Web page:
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Karin Kasdin Headshot

Save Me From My Souvenirs

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I ate all the souvenirs from my spontaneous weekend driving trip to Maine and I have no regrets. Having downed the sumptuous goodies we purchased at The Bread and Roses bakery on the way out of the state, I have nothing to show for my mini-vacation but a phone full of pictures and an abdomen swollen with lobster and blueberry pie. I couldn't be happier.

In my younger days, which I believe ended yesterday with the blueberry pie, I would have refused to return from any sojourn to a new place without a tzotchke... some tangible memento of downtime well spent.

There are certain life lessons one can only learn through experience. A thousand seasoned parents can warn you that having children requires a lifelong commitment to worry, but until you beget your own brood, the admonition falls on deaf ears. Likewise, you must systematically stuff your home with tzotchkes before you catch on to the fact that your tzotchkes will some day own you.

A green glass duck resides on my desk and watches me write every day. He is the tzotchke who started it all. Harold and I saved for three years in order to afford a trip to Italy for my 30th birthday. In those dark days before ATMs, we used traveler's checks for all our purchases. Each evening of our vacation, before settling in to sleep, we spread our traveler's checks and our lira and our change on the bed. We counted it and recounted it, amazed at how quickly our stash was shrinking. On the last day of our dream vacation, I lit upon the duck, sitting with his flock, gazing in amazement, (or was it disdain), at the hordes of tourists passing by his perch in the Murano glass factory. I had to have that duck. The remainder of our money had been designated for dinner that night. Our choice came down to dinner or the duck. We went home hungry.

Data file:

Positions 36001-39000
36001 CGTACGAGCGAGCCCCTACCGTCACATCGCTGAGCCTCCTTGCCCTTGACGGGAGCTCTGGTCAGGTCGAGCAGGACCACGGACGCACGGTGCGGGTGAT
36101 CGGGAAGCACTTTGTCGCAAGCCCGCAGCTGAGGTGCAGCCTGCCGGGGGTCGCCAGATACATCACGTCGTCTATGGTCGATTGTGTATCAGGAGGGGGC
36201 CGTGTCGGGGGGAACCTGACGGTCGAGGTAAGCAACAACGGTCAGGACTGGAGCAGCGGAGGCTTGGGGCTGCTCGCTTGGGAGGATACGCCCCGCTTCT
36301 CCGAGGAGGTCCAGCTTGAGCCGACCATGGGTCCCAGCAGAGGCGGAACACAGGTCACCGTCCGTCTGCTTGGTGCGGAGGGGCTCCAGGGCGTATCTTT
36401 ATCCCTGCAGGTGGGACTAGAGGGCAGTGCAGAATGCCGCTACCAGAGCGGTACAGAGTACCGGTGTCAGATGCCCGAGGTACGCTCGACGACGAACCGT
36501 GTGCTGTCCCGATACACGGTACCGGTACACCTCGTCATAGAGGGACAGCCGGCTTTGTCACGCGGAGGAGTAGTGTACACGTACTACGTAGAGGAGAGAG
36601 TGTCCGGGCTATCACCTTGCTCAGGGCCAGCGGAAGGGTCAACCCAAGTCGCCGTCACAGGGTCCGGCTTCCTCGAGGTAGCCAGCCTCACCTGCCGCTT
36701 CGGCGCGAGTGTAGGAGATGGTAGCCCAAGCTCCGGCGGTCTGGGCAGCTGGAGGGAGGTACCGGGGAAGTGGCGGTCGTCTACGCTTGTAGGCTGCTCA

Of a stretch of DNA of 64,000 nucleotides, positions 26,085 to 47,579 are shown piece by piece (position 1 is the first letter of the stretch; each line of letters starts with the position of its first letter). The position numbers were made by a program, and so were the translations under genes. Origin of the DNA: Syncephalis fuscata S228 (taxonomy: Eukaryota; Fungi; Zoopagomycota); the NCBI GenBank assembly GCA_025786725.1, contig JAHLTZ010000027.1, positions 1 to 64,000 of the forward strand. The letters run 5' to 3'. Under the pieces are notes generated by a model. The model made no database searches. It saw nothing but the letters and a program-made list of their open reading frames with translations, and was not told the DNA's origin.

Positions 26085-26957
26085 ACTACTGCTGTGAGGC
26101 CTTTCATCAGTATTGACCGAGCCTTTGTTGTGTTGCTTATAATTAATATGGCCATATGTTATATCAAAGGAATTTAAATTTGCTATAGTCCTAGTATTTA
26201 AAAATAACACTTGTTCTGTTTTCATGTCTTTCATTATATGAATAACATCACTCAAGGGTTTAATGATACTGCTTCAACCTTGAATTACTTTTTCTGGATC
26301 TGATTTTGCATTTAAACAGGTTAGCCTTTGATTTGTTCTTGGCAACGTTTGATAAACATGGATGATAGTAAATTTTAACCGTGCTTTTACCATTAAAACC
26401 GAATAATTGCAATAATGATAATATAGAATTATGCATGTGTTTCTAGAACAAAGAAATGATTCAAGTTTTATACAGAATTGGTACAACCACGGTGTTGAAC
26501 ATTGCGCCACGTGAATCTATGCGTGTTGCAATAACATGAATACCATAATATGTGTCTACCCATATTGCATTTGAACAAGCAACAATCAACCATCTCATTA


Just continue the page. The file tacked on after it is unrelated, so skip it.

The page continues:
He wasn't an expensive duck. Thankfully, today I could purchase him and still have a pizza. I could also have purchased a tzotchke from Maine if I wanted one. But where would I put a ceramic lobster or a "chowda" mug? Next to the scrimshaw plate I bought in Nantucket 20 years ago? I didn't like scrimshaw when I bought it. I like it less now. Harold and I cherish the lifelong friends we made on a business trip to Sweden a decade and a half ago. I can't say the same about the wooden Swedish flag we purchased. The Swedish flag is turquoise and yellow. Try to find a spot for that in a Pennsylvania colonial. I bought huge silver and turquoise earrings that looked great on me in Santa Fe. Back home they look like huge turquoise and silver earrings that would be a staple of my wardrobe if I ever moved to Santa Fe.

Once I thought all those trinkets would remind me of shared, carefree days. Now they just remind me that I need to dust. My family's smiles are constant reminders that I have been blessed with an embarrassment of rich experiences, many of which have nothing to do with travel. Among other things, I held onto my middle son's baseball jersey from the state championship game, a stuffed bear wearing a Boston University tee-shirt from the firstborn's graduation and a toy guitar from the baby's bar mitzvah centerpiece. Harold and I often savor our collected adventures by reliving them through conversation. I've had the duck for 27 years and he has yet to quack.

We have taken thousands of pictures over the years. They're collecting dust in a cabinet along with various owner's manuals, warranties, VHS tapes and worthless baseball cards. I am once again resolving to sort them, date them and put them in albums so I can find them and enjoy them in my golden years. Then I am going to liberate myself from my tzotchkes. They're not valuable. The children don't want them. I may have to throw it all away. Except for the silent green glass duck. He stays.